Print Shortlink

Rut Gauge and the Fox Heat Cycle

Practical Operation

The Norwegian manufactured SiLi3 rut gauge has proved to be an excellent aid in checking heat in the fox, especially in connection with artificial insemination, provide it is used properly. Results may be poor with faulty or careless operation.

It is absolutely essential that the heat detector is kept clean. Slipshod cleaning and careless/incorrect use may result in serious injury and infections of the vagina and/or uterus (womb) and even fatal metritis (infection of the womb). Such infections if the sexual organs cause the vixen unnecessary suffering, as well as reducing the number of cubs born (many empty vixens). We wish, in this blunt manner, to emphasize that correct cleaning and operating procedures must be followed.

Remember to clean the heat detector

  • The heat detector (probe) shall be washed and disinfected between each vixen, and must be kept warm. (use the thermosystem and the recommended detergent and disinfectant agents).
  • The thermcontainer and cleaning system must be emptied and cleaned after each spell of work. Similarly, the rings and coupling system on the probe must be cleaned and dried.
  • The detergent and disinfecting fluids must be changed each day (after each spell of work).

Checking the vixen

The fox-vixen should be caught in a calm manner as possible. As the vixen is lifted out of her cage, make sure that the tail (vulva) is lowest so that urine can run out freely should the vixen urinate.

Clinical Assessment of the Vulva

x = slight (initial) swelling

xx = obvious swelling

xx\ = marked swelling and firmness

xxx = max. swelling, firm, darkening. Vixen begins to stand for the male.

xxxL = begins to soften, dark

External signs of a fox in heat - swelling of the vulva

External signs of a fox in heat – swelling of the vulva

Introduction of the recording probe

The vulva must be fairly well swollen and firm ( at least xx\) before starting to record. Prior to this stage, the genital opening and vagina are tight, and the introduction of the probe is not difficult, but may also injure the mucous membrane (especially in young females).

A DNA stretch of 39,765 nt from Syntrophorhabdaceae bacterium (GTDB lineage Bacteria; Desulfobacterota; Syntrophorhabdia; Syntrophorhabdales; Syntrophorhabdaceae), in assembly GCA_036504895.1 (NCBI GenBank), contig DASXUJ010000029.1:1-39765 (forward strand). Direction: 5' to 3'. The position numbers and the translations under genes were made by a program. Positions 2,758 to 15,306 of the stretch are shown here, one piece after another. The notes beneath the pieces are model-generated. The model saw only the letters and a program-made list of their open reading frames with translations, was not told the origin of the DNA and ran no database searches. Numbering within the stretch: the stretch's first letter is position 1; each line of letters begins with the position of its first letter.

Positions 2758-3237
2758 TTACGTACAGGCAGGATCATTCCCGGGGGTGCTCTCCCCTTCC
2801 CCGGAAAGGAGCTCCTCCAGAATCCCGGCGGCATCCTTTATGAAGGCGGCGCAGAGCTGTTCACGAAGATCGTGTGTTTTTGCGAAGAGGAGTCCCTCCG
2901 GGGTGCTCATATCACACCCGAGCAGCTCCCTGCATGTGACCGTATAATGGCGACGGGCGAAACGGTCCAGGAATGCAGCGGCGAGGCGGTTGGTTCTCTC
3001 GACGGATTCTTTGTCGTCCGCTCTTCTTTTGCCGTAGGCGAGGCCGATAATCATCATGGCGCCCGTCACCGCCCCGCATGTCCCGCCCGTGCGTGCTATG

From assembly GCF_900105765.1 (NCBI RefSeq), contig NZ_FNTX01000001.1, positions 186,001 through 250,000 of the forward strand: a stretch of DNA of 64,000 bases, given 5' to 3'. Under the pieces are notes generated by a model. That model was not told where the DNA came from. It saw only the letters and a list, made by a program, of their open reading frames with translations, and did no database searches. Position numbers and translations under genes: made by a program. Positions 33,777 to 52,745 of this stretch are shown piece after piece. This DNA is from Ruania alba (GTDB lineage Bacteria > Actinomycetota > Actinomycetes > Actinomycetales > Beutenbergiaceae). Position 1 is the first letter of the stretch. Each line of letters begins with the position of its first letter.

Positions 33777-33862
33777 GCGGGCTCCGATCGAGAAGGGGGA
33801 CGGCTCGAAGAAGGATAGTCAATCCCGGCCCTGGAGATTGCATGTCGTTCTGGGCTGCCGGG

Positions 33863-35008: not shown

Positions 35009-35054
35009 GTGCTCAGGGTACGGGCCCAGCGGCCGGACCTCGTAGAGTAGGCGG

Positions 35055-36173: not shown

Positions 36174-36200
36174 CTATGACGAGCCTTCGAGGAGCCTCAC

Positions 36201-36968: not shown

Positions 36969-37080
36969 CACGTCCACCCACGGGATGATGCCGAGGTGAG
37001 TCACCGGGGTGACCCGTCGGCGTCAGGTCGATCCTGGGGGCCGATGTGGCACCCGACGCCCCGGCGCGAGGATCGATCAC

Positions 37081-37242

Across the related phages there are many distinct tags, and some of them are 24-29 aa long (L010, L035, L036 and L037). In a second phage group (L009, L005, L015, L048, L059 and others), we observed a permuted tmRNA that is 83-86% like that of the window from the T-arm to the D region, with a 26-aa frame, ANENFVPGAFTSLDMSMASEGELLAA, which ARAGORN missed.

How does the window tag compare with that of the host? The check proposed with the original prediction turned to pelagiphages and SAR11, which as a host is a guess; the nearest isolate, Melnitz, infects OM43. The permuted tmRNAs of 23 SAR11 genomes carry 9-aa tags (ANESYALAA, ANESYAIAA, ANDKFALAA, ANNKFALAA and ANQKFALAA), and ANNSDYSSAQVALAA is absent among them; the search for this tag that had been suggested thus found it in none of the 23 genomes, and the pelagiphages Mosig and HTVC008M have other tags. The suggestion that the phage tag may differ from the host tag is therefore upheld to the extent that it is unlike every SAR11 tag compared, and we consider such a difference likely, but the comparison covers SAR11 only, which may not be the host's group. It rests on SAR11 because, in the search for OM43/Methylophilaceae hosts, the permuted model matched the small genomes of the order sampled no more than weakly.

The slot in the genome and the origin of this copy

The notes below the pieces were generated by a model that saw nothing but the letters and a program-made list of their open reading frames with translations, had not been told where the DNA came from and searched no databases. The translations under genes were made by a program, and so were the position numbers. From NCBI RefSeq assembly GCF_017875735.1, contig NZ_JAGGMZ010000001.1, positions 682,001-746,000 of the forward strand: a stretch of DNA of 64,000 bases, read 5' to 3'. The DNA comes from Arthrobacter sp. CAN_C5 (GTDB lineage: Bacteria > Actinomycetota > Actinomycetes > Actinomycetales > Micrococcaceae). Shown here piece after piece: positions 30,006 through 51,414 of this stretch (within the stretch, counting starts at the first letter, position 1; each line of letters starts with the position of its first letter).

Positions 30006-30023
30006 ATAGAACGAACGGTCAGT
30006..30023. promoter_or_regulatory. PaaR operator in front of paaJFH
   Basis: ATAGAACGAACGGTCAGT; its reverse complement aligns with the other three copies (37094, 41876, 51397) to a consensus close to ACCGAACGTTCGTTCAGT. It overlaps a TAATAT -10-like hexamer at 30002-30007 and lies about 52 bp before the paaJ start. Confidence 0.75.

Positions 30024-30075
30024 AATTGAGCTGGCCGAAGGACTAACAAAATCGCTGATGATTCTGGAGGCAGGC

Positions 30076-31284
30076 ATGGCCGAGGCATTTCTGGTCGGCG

If the area around the genital opening is soiled, the vulva and surrounding area must be thoroughly wiped of (with a clean, dry paper) before the probe is inserted.

The vixen is held head downwards using the restrainer. The measuring probe is inserted at an angel of 45 degrees to the line of the back (about 1/4 of the probe), and then strained and pushed gently (without forcing) in as far as it will go, parallel to the line of the back. the trigger switch is pressed in, the display is read and noted down on the cage card (+ date).

NB! The measuring probe must not be used to forcibly, “open up” the vulva and vagina of the vixen!


  1. Do not begin to record before the vulva is properly swollen (xx\ – xxx).
  2. Readings must be evaluated in conjunction with other signs of heat (behavior/vulva). Do not rely blindly on measurements alone.
  3. If in, double inseminate/mate twice at an interval of 48 hours.
  4. Adult animals may often have a longer heat period than cubs/young animals. Late in the mating season, the period is shorter in all animals.
  5. It is the shape of the curve that counts, not so much the actual measured values. Maximum values may vary quite considerably from vixen to vixen (broken line in the figures *).
  6. Remember that we are measuring electrical resistance (not conductivity). If there is no connection between electrodes (rings) via mucus/mucous membrane = max. reading (no current passes between the rings). This means that if readings vary during recording, it is the lowest value which is the correct one. Urine (i.e. salt solution) is a good conductor of electricity – exerts little resistance – and may result in an abnormal fall in the reading in relation to external signs of heat and previous recording(s).